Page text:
What’s expected of Men: Provision

I recently had the privilege of sitting down with my 2 of my best friends and talking into the wee hours of the night. These are the best nights of my life. We spoke of a great many things, but the biggest discussion surrounded the topic of manliness.

All three of us are young males, with fathers who worked hard and made a decent amount of money in their lives. Each of our fathers started at very different positions and places, each varied in their religious beliefs and practices, and each one was currently at a place in their own life that was unique to themselves. Despite their differences though, they all impressed the same two values into us: Security is found through financial stability; and men don’t cry.

When I told my father that I wanted to get married, he gave me a prerequisite: Make sure that I had a full-time, well-paying job to support my family.

This is not a horrible idea. In fact, it’s a criteria that I have always held for myself, and I had even told her father that I wouldn’t even be asking his permission to marry her, until I had something to present him with: a job that showed that I could take care of his daughter financially. To his credit, my future father-in-law once told me in conversation that he was okay if I didn’t have a job. He related to me that he had once couch-surfed, and known hard times, and encouraged me, saying that he knew I would do what it takes to take care of his daughter properly. That’s one conversation that I will never forget in my life.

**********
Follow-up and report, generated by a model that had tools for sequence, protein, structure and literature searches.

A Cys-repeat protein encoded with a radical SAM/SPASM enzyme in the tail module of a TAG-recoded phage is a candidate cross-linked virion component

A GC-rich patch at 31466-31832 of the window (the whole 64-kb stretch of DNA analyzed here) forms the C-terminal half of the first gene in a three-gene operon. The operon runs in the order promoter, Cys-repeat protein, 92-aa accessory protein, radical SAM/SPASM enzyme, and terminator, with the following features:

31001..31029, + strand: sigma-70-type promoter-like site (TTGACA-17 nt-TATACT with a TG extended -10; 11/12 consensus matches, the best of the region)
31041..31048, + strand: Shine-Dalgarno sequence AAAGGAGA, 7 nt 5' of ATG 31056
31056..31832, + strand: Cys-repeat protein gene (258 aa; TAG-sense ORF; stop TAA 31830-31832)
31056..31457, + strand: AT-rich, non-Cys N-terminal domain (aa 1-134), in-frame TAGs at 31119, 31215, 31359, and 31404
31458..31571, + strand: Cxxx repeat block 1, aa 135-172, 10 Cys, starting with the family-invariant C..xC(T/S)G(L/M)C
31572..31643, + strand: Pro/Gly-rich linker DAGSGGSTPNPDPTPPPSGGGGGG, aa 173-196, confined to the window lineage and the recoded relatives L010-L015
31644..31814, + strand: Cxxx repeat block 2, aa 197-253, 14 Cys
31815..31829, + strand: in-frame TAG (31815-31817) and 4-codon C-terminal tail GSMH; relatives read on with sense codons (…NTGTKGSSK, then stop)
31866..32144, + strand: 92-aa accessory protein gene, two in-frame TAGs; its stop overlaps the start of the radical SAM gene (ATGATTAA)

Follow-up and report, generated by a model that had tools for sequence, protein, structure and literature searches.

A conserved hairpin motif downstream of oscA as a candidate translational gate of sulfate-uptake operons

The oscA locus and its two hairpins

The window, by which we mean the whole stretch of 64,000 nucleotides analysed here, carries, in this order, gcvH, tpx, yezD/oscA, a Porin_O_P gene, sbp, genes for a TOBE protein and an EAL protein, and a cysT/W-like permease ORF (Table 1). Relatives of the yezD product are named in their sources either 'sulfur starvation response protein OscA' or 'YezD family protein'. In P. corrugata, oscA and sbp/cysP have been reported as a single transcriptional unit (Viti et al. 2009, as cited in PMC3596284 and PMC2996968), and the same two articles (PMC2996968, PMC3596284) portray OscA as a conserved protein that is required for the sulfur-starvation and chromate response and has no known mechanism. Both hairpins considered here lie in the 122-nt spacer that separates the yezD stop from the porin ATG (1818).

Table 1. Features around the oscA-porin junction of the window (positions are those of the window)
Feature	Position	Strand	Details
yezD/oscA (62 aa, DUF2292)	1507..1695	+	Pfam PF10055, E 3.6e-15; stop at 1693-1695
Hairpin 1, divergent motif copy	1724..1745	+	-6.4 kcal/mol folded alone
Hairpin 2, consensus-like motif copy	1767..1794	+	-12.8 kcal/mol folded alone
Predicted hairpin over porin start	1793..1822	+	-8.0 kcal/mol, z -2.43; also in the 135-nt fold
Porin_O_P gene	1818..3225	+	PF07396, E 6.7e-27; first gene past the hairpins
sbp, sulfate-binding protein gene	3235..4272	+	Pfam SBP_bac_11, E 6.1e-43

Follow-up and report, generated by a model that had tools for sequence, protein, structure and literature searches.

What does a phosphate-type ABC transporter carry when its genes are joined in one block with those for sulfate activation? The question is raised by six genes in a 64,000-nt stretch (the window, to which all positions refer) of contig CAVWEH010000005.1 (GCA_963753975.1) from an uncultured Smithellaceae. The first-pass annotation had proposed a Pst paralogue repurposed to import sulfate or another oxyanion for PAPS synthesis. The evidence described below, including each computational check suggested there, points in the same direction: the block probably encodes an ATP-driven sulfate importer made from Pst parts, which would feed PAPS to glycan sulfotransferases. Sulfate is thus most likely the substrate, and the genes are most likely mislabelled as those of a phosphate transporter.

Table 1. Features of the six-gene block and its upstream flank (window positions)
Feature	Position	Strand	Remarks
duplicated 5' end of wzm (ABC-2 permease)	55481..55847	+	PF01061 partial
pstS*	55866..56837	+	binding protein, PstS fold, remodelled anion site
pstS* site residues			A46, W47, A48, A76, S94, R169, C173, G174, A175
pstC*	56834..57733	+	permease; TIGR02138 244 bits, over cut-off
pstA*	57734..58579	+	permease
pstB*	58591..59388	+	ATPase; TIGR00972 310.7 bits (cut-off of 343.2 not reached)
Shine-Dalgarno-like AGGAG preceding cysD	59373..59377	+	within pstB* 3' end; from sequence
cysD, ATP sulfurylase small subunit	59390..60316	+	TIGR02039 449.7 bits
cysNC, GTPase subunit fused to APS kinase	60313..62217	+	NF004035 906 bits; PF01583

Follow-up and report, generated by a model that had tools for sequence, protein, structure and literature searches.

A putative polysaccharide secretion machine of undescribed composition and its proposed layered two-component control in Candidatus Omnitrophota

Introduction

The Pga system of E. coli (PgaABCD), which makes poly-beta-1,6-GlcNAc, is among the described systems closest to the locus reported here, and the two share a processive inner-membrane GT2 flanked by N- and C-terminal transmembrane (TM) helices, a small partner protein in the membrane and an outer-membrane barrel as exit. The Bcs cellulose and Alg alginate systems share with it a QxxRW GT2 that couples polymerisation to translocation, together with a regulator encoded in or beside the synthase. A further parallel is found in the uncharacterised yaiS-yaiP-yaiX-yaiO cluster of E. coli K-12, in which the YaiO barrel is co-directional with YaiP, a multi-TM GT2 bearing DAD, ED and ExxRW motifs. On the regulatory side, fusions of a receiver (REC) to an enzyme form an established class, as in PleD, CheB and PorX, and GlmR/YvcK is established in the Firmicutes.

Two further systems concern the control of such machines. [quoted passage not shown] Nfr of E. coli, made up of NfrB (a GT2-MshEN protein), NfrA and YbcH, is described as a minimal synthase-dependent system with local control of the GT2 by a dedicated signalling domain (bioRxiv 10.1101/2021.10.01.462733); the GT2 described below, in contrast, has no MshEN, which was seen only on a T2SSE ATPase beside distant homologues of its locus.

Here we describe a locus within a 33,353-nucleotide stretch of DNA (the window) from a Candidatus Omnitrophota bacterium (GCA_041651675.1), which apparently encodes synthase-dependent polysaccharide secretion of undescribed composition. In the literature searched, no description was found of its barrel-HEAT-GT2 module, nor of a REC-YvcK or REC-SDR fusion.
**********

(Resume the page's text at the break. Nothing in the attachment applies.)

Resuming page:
I’m actually quitting my current job and do not plan on working for a month. I came to the conclusion that this was the best option after talking it over with my Dad. My father was much more supportive than I thought he would be, but his impression of what he wants me to do keeps bleeding through every conversation.

The other night, like many nights, was “Love you; Goodnight; Drive safe; And you’re going to miss that money.”

Inside, I thought, “I love you too; thank you; I will; and Not as much as you think I am.”

My father did well for himself. He worked hard for many years, often forsaking the time with his family, and ended up adopting many children after his retirement. That’s all well and good, but at no point in my life did I ever desire to sacrifice the time I spend with my family now, so that I could save up for time with them later. He speaks of saving money, but I want to be a good Husband, not a good financial adviser. He speaks of doing something you hate so you can do something you love, but why do those have to be exclusive? Even if the pay isn’t as good.